Months ago, Americans expressed shock and disgust over “Operation Varsity Blues,” the scandal in which celebrities and other wealthy parents bribed and cheated to get their kids admission or scholarships at prominent colleges and universities.
The disgust is understandable. But the shock? That some rich parents will stop at nothing to push their kids to the head of the line? And that “exclusive” schools aren’t to some degree accomplices by promoting their high-tuition exclusivity?
Even before all the “Varsity Blues” punishment is meted out — the bribe-taking Stanford rowing coach got the wrist slap of one day behind bars and six months of home confinement — the shock-and-disgust line is forming again.
The Illinois newsroom of ProPublica, the Pulitzer Prize-winning investigative journalism organization, the other day detailed the underhanded but possibly legal maneuvers wealthy parents are pulling to get their college-bound kids a prime place at the financial aid trough.
Basically, the scheme works like this: Parents “disown” their kids by giving guardianship to a less-well-off acquaintance or relative. The suddenly “lower-income” young person thus becomes eligible for more college financial aid.
And Mom and Dad don’t need to dip into their bloated bank accounts.
Looking at court records in just one well-to-do county in the Chicago suburbs, ProPublica found dozens of these filings. Two particular law firms handled all but one of those guardianship applications. That one filing? It was made for the family of a prominent member of one of those original two firms.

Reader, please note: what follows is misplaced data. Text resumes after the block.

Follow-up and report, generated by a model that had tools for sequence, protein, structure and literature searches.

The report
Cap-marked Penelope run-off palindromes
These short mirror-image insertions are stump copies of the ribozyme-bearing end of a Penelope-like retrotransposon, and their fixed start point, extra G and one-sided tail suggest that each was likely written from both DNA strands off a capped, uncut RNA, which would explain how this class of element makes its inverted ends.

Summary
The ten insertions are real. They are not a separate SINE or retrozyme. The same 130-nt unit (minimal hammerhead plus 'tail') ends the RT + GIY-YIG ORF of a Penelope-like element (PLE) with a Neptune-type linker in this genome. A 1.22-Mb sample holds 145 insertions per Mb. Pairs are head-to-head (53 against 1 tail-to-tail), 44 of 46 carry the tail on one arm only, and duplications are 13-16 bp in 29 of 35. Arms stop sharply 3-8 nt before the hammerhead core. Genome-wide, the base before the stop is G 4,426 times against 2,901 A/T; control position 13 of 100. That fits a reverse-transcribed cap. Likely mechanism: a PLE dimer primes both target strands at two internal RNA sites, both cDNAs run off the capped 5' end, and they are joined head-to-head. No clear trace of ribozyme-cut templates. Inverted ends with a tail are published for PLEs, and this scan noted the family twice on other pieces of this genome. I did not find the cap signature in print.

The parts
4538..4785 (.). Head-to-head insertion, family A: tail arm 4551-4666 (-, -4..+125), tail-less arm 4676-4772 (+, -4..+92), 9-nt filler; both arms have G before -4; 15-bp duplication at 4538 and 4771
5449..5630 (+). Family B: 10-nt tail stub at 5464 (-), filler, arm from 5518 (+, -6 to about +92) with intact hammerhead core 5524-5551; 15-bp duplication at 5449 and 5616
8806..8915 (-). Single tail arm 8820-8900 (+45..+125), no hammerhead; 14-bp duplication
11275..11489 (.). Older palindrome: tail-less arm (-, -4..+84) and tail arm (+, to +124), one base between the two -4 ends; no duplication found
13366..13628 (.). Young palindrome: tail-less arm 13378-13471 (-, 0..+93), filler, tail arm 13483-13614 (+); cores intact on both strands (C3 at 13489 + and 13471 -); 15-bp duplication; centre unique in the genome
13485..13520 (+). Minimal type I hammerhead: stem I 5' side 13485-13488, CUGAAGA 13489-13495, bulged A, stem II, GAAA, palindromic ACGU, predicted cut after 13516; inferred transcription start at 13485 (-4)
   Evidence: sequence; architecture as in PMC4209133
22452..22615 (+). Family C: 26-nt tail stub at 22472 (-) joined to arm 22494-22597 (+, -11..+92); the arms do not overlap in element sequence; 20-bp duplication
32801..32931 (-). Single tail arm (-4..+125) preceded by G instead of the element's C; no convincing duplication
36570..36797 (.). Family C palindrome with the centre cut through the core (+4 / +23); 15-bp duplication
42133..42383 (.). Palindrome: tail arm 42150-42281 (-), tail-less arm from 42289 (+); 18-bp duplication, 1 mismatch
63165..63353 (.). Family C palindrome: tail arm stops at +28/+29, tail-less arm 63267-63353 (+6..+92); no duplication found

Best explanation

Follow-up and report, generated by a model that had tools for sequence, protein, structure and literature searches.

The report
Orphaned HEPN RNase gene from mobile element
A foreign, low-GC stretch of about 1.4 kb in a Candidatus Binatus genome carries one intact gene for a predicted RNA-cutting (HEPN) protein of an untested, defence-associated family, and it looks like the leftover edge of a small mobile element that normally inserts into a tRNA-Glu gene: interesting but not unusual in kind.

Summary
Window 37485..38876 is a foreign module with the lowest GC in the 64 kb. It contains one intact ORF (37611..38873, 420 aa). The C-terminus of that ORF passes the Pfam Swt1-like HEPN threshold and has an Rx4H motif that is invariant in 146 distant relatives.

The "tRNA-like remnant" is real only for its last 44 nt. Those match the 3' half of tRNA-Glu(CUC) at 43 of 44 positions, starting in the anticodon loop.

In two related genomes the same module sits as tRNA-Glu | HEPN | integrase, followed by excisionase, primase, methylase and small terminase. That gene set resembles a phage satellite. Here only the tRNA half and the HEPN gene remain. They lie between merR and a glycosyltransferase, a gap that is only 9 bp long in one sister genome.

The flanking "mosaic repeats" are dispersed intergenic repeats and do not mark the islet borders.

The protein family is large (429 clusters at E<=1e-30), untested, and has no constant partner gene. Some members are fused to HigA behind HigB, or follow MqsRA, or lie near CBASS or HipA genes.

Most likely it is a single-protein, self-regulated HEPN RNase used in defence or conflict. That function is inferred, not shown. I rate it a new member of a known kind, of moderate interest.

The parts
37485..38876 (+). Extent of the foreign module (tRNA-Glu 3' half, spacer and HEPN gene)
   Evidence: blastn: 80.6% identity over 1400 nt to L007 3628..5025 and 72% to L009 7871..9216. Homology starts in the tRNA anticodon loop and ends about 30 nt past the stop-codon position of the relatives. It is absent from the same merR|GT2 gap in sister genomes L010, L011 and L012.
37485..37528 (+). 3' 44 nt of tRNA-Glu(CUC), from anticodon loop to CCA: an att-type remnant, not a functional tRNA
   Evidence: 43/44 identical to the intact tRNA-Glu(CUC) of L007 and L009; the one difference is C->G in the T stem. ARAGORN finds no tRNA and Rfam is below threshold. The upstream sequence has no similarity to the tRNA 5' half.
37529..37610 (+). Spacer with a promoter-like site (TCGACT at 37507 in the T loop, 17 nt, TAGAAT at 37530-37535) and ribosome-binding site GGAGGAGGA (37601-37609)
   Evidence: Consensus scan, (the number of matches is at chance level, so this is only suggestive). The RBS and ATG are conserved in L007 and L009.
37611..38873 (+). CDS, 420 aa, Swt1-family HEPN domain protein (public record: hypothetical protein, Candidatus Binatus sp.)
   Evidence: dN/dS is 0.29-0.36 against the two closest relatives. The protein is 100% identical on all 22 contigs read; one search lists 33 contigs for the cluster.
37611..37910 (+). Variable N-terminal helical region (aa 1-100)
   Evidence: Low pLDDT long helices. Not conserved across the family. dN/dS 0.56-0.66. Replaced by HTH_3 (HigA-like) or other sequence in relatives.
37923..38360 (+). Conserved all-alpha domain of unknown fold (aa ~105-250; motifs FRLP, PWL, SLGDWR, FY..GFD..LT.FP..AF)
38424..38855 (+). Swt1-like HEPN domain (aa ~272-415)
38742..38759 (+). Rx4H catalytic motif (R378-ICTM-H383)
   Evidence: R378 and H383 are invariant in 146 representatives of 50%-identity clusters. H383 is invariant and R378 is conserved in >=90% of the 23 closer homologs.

We can’t say it better than Andy Borst, director of undergraduate admissions at the University of Illinois at Urbana-Champaign:
“It’s a scam.”
Added Borst, “Wealthy families are manipulating the financial aid process to be eligible for financial aid they would not be otherwise eligible for. They are taking away opportunities from families that really need it.”
Apparently, the trick is to make false claims to the courts, stating, for example, “The Guardian can provide educational and financial support and opportunities to the minor that her parents could not otherwise provide.”
In its report (bit.ly/2Gyug0T), ProPublica notes that Illinois law does not specify circumstances in which a court could deny a guardianship application. Even if a parent is able to care for the child, the journalists found, the court can approve the guardianship if the parents voluntarily relinquish custody of the child.
It would be naïve to think that the only cases of families gaming the system are in Lake County, Ill., where ProPublica happened to dig into court records. Indeed, the journalists quoted a lawyer who has filed on behalf of families in the counties of Kane, Will, DuPage, Cook and McHenry. Will anyone be surprised to find it’s also happening elsewhere in the state and even the nation?
The University of Illinois is already revoking financial aid in some of these cases and looking into others. Other schools and scholarship organizations should do likewise. Prosecutors should investigate the apparent false claims in legal filings. And lawmakers should close this cheaters’ loophole.
Meanwhile, those of us who are shocked and disgusted by this sorry episode would be wise to file it under, “Why Journalism Still Matters.”